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Linguistic Distance and the Language Fluency of Immigrants

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  • Ingo E. Isphording

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  • Sebastian Otten

Abstract

We use a newly available measure of linguistic distance developed by the German Max Planck Institute for Evolutionary Anthropology to explain heterogeneity in language skills of immigrants. This measure is based on an automatical algorithm comparing pronunciation and vocabulary of language pairs. Using data from the German Socio- Economic Panel covering the period from 1997 to 2003, the linguistic distance measure is applied within a human capital framework of language acquisition. It is shown that linguistic distance is the most important determinant for host country language acquisition and that it explains a large fraction of language skill heterogeneity between immigrants. By lowering the effi ciency and imposing higher costs of language learning, the probability of reporting good language skills is decreasing by increasing linguistic distance.

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Bibliographic Info

Paper provided by Rheinisch-Westfälisches Institut für Wirtschaftsforschung, Ruhr-Universität Bochum, Universität Dortmund, Universität Duisburg-Essen in its series Ruhr Economic Papers with number 0274.

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Length: 37 pages
Date of creation: Aug 2011
Date of revision:
Handle: RePEc:rwi:repape:0274

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Keywords: Linguistic distance; language; immigrants; human capital;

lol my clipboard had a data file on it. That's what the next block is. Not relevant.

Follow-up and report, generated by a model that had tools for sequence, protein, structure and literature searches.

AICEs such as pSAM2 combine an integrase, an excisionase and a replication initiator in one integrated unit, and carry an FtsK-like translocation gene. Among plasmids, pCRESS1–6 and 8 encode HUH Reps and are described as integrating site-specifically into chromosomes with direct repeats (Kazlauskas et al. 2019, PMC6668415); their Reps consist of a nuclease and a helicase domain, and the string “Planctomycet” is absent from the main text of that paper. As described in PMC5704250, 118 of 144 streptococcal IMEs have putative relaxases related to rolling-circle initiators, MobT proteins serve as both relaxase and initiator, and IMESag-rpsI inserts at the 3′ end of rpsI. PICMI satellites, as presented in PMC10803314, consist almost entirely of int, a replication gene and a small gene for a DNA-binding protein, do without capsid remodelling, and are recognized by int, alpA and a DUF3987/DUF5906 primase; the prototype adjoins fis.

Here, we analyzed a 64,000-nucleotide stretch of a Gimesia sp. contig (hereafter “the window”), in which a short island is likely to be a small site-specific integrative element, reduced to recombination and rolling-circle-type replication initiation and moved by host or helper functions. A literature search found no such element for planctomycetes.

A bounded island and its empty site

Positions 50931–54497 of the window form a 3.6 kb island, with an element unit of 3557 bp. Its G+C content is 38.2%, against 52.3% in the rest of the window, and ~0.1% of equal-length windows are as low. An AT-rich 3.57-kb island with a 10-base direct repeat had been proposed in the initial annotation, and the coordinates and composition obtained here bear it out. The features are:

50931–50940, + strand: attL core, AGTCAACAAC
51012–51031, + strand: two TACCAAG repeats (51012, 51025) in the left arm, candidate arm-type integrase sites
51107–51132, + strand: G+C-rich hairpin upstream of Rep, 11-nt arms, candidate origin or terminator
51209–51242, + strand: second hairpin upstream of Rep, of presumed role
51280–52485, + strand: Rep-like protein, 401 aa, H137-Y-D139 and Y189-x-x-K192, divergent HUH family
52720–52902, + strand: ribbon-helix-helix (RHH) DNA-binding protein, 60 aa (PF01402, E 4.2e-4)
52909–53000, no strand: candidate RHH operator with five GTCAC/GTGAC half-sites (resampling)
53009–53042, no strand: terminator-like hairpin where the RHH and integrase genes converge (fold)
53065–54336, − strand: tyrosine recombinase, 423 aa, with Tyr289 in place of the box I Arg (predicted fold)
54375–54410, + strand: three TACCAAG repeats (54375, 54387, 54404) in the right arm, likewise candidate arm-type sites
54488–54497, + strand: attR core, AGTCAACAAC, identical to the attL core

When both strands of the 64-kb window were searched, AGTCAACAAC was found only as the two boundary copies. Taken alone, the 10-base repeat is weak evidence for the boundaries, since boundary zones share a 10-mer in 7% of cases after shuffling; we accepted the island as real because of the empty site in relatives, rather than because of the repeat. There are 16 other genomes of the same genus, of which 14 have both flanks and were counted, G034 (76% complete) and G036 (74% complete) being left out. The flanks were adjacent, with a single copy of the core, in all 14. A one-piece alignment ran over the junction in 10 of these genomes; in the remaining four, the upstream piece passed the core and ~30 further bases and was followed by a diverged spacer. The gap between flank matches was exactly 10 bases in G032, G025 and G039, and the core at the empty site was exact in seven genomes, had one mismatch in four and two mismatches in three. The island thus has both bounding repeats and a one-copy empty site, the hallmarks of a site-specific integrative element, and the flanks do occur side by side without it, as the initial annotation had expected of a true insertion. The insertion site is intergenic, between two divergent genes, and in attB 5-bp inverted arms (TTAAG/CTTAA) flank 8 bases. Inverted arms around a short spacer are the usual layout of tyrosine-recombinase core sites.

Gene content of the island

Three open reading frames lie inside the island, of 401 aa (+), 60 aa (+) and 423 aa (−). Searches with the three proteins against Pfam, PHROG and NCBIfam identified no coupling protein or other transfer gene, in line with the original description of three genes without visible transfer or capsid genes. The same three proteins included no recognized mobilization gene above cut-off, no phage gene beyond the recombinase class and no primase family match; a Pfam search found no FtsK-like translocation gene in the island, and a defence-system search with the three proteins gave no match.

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References

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Citations

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Cited by:
  1. Jonas Helgertz, 2013. "Pre- to Post-Migration Occupational Mobility of First Generation Immigrants to Sweden from 1970–1990: Examining the Influence of Linguistic Distance," Population Research and Policy Review, Springer, vol. 32(3), pages 437-467, June.
  2. Pierpaolo Parrotta & Dario Pozzoli & Mariola Pytlikova, 2011. "Does Labor Diversity affect Firm Productivity?," Norface Discussion Paper Series 2011022, Norface Research Programme on Migration, Department of Economics, University College London.
  3. Ingo Eduard Isphording & Sebastian Otten, 2013. "The Costs of Babylon—Linguistic Distance in Applied Economics," Review of International Economics, Wiley Blackwell, vol. 21(2), pages 354-369, 05.
  4. Alicia Adsera & Mariola Pytlikova, 2012. "The role of language in shaping international migration," CReAM Discussion Paper Series 1206, Centre for Research and Analysis of Migration (CReAM), Department of Economics, University College London.
  5. Chiswick, Barry R. & Miller, Paul W., 2014. "International Migration and the Economics of Language," IZA Discussion Papers 7880, Institute for the Study of Labor (IZA).
  6. Isphording, Ingo E., 2013. "Disadvantages of Linguistic Origin: Evidence from Immigrant Literacy Scores," IZA Discussion Papers 7360, Institute for the Study of Labor (IZA).
  7. Bredtmann, Julia & Otten, Sebastian, 2013. "The Role of Source- and Host-Country Characteristics in Female Immigrant Labor Supply," MPRA Paper 44544, University Library of Munich, Germany.
  8. Parrotta, Pierpaolo & Pozzoli, Dario & Pytlikova, Mariola, 2014. "Labor diversity and firm productivity," European Economic Review, Elsevier, vol. 66(C), pages 144-179.
  9. Bloemen, Hans, 2013. "Language Proficiency of Migrants: The Relation with Job Satisfaction and Matching," IZA Discussion Papers 7366, Institute for the Study of Labor (IZA).

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